Edwards 2002 : The Case for the Regressive Systems Tract With Examples From the Tertiary and Pleistocene of the Northern Gulf Coast Basin. Trans. Gulf Coast Assoc. Geol. Socs. v. 52, 243-255.

The full paper is available online at the SEARCH AND DISCOVERY web site.

The standard Exxon Sequence framework - 69k - click to enlarge

ABSTRACT
Until the advent of sequence stratigraphy (late 1980's), geologists commonly subdivided the silici-clastic units of the Gulf Coast Basin into regressive and transgressive components. Sequence stratigraphy divided the regressive component into two separate units: the highstand systems tract (HST) and the lowstand systems tract (LST).

 

 

 

 

 

The regressive systems tract - 83k - click to enlarge

According to sequence stratigraphic theory, the HST and theLST are separated by a sequence boundary, with two implications: (1) the LST of a particular sequence is younger than the HST of the preceding sequence, and (2) the two systems tracts contains facies that are not genetically related.


 

 

 

 

A Yegua palgeogreographic map

In the years following the introduction of sequence stratigraphy (early 1990's), it was noted in several publications that in areas where sediment input was active during a period of overall sea level fall, a single widespread sequence boundary did not form. Since the model necessitated the existence of a sequence boundary, stratigraphers argued over where the sequence boundary should be placed. To try to deal with this problem, the concept of "forced regression" was introduced, but this did not resolve the fundamental problems.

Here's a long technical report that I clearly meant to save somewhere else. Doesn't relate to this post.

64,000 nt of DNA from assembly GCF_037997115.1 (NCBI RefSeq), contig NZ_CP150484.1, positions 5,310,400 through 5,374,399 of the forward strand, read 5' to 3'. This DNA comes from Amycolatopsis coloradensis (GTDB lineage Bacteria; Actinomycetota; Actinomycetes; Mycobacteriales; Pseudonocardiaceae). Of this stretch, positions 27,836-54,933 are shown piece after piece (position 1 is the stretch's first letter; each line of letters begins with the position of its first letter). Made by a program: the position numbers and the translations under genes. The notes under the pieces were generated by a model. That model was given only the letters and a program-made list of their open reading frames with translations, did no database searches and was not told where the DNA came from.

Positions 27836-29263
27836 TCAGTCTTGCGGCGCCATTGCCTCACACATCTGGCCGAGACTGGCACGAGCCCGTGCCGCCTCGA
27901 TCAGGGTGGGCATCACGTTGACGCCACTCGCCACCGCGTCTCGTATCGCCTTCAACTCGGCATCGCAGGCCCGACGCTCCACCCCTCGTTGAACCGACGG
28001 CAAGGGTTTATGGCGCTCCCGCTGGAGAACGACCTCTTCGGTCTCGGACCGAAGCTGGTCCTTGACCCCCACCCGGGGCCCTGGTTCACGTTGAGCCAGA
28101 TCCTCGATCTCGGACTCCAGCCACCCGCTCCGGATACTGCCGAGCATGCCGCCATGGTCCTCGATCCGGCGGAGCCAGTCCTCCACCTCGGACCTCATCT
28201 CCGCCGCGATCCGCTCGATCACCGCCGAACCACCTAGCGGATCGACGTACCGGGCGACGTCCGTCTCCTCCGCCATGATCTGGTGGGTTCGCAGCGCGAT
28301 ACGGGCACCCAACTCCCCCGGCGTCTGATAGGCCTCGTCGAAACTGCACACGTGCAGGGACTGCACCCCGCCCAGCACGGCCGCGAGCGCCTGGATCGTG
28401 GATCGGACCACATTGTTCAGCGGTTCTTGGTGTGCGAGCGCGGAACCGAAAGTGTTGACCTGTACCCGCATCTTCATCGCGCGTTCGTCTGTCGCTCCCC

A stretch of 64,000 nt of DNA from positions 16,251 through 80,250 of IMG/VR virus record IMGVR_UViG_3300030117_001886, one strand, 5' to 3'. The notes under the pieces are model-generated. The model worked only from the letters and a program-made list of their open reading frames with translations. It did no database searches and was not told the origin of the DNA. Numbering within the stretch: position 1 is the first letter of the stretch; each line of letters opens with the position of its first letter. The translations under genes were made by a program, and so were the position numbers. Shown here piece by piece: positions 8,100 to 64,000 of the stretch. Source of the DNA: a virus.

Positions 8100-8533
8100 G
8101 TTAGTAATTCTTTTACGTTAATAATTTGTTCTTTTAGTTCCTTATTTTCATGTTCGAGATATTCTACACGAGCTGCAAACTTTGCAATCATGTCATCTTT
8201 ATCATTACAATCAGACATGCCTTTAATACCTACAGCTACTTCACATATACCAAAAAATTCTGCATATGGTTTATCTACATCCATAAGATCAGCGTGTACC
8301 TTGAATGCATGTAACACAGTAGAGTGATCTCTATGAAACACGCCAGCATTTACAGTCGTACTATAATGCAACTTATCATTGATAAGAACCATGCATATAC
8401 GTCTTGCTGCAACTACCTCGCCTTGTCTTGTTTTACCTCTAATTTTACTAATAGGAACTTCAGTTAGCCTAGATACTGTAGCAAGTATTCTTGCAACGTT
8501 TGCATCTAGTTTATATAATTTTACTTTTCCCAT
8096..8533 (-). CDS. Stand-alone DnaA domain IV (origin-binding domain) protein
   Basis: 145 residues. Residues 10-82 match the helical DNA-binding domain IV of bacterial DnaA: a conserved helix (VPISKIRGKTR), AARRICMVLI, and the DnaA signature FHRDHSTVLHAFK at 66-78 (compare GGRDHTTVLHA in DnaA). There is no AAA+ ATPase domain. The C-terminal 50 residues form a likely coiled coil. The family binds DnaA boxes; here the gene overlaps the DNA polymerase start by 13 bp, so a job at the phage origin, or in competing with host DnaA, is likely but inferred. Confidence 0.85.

A lower Miocene stratigraphic dip section - 52k - click to enlarge

Uncritical application of the original (eustatically forced) sequence-stratigraphic paradigm requires geoscientists to identify stratigraphic components without any basis in fact or theory. Where analysis of the data indicates that updip and downdip facies are genetically related, a sequence model may be inappropriate or misleading. In these cases, the term regressive systems tract is preferred, as it removes the need to identify a conceptual artifact: the chronostratigraphically and geometrically significant sequence boundary.

 

Back To Gulf Of Mexico Publications

Back To Top

©by Marc B. Edwards
Consulting Geologists, Inc